The Map The Meal Gap 2016 study shows Connecticut’s overall child food insecurity rate is 18 percent, representing  140,290 children statewide. Food insecurity is a phrase used by the USDA to describe lack of consistent access to adequate amounts of food for an active, healthy life.

In the Connecticut Food Bank service area, which includes Fairfield, Litchfield, Middlesex, New Haven, New London and Windham Counties, the child food insecurity rate is nearly 17 percent, or 95,600 children.

According to the study, 44 percent of the food insecure families in the Connecticut Food Bank service area do not receive federal food assistance programs such as SNAP (food stamps), free or reduced price school meals, or the Special Supplemental Nutrition Program for Women, Infants and Children (WIC), because their families earn over the income limit to qualify.

Findings for the counties served by Connecticut Food Bank:

County Percent Number of Food Insecure Children
Fairfield 15.0 33,810
Litchfield 16.4 6,280
Middlesex 15.4 5,150
New Haven 18.6 34,690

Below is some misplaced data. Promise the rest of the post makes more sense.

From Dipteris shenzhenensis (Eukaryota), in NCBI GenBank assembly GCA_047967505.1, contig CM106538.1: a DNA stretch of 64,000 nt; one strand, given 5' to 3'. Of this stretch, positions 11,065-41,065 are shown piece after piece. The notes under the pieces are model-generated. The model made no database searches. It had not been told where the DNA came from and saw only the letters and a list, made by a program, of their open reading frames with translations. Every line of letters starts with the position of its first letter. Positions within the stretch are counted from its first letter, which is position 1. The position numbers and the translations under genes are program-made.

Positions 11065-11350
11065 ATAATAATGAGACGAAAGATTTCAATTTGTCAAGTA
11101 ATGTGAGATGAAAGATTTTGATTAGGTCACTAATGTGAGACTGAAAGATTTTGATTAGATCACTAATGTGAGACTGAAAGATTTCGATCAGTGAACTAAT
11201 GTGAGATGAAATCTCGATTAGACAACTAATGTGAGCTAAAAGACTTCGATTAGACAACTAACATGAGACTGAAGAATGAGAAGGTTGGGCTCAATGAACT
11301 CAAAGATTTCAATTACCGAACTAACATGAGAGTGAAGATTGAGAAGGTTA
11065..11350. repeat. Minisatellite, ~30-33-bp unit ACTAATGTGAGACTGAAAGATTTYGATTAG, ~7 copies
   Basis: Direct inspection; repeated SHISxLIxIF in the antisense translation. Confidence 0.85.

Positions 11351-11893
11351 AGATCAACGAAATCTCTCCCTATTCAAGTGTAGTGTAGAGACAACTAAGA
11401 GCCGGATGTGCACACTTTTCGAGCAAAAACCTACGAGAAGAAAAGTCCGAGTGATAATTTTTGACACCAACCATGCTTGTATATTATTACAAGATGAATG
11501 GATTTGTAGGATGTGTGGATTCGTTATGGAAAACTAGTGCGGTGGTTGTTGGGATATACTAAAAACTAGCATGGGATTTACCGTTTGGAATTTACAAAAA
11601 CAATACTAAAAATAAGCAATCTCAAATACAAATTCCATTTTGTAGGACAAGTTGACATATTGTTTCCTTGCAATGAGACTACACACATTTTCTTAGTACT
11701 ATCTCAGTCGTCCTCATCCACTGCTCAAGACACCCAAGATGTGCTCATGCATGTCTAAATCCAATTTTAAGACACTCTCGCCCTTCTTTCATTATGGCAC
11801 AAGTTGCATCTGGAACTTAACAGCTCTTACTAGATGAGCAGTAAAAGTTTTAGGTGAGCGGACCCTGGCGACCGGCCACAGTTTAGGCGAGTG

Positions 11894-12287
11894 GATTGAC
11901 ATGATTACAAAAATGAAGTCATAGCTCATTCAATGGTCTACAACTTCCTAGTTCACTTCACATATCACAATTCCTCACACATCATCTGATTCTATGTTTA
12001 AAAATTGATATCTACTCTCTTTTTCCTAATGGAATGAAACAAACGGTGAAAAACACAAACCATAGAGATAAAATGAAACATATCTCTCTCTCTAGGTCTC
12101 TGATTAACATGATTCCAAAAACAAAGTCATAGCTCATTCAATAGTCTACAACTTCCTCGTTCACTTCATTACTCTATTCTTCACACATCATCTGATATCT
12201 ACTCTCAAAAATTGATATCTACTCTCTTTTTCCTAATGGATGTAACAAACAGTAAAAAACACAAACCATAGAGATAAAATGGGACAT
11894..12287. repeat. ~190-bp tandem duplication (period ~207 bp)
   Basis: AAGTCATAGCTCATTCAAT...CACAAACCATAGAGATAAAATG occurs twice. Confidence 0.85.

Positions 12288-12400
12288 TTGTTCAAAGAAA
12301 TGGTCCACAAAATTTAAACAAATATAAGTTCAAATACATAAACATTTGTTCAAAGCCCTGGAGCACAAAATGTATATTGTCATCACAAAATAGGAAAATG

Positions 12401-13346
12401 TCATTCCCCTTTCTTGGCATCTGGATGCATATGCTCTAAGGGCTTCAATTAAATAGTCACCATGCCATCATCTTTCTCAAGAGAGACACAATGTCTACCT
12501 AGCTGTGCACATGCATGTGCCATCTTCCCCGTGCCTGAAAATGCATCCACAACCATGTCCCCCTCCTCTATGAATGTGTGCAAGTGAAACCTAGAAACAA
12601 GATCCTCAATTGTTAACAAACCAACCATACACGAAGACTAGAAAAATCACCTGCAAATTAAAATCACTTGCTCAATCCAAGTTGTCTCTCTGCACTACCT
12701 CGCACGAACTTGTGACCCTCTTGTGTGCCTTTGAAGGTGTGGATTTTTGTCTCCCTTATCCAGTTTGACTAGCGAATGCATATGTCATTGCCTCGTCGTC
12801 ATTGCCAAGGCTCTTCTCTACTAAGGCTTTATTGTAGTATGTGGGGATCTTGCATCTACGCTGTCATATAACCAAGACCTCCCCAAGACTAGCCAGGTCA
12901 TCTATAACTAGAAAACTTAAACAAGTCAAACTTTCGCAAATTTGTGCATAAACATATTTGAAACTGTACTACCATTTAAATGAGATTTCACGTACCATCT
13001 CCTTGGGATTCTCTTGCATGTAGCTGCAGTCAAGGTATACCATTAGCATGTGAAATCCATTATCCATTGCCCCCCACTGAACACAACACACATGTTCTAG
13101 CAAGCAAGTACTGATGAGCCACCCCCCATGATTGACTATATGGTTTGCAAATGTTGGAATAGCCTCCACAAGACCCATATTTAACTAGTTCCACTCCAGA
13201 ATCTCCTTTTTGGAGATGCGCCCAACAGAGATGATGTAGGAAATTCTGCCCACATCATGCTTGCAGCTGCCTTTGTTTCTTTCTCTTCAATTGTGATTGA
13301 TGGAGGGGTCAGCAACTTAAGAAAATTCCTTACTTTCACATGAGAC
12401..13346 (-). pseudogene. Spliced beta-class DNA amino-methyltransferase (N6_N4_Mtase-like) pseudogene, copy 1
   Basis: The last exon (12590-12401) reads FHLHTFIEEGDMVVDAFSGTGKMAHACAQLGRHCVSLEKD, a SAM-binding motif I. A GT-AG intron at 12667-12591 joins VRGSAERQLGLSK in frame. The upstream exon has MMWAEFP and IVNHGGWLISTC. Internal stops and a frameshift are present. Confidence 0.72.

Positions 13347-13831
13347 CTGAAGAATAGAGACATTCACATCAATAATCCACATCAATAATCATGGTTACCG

New London 18.5 10,630
Windham 20.0 5,040
Total 16.9% 95,600

Map the Meal Gap 2016 is supported by the Howard G. Buffett Foundation and Nielsen. That data provides a detailed look at the additional food budget needed by families struggling with hunger. It would take more than $254 million to meet the needs of Connecticut’s food insecure population, or $17.78 per week for each food insecure person.

An executive summary and interactive map are available at

Connecticut Food Bank works with local growers, retailers, the food industry and community supporters to provide nutritious food to children who struggle with hunger. Watch this PSA produced for us by Feeding America that thanks all the “angels” who help.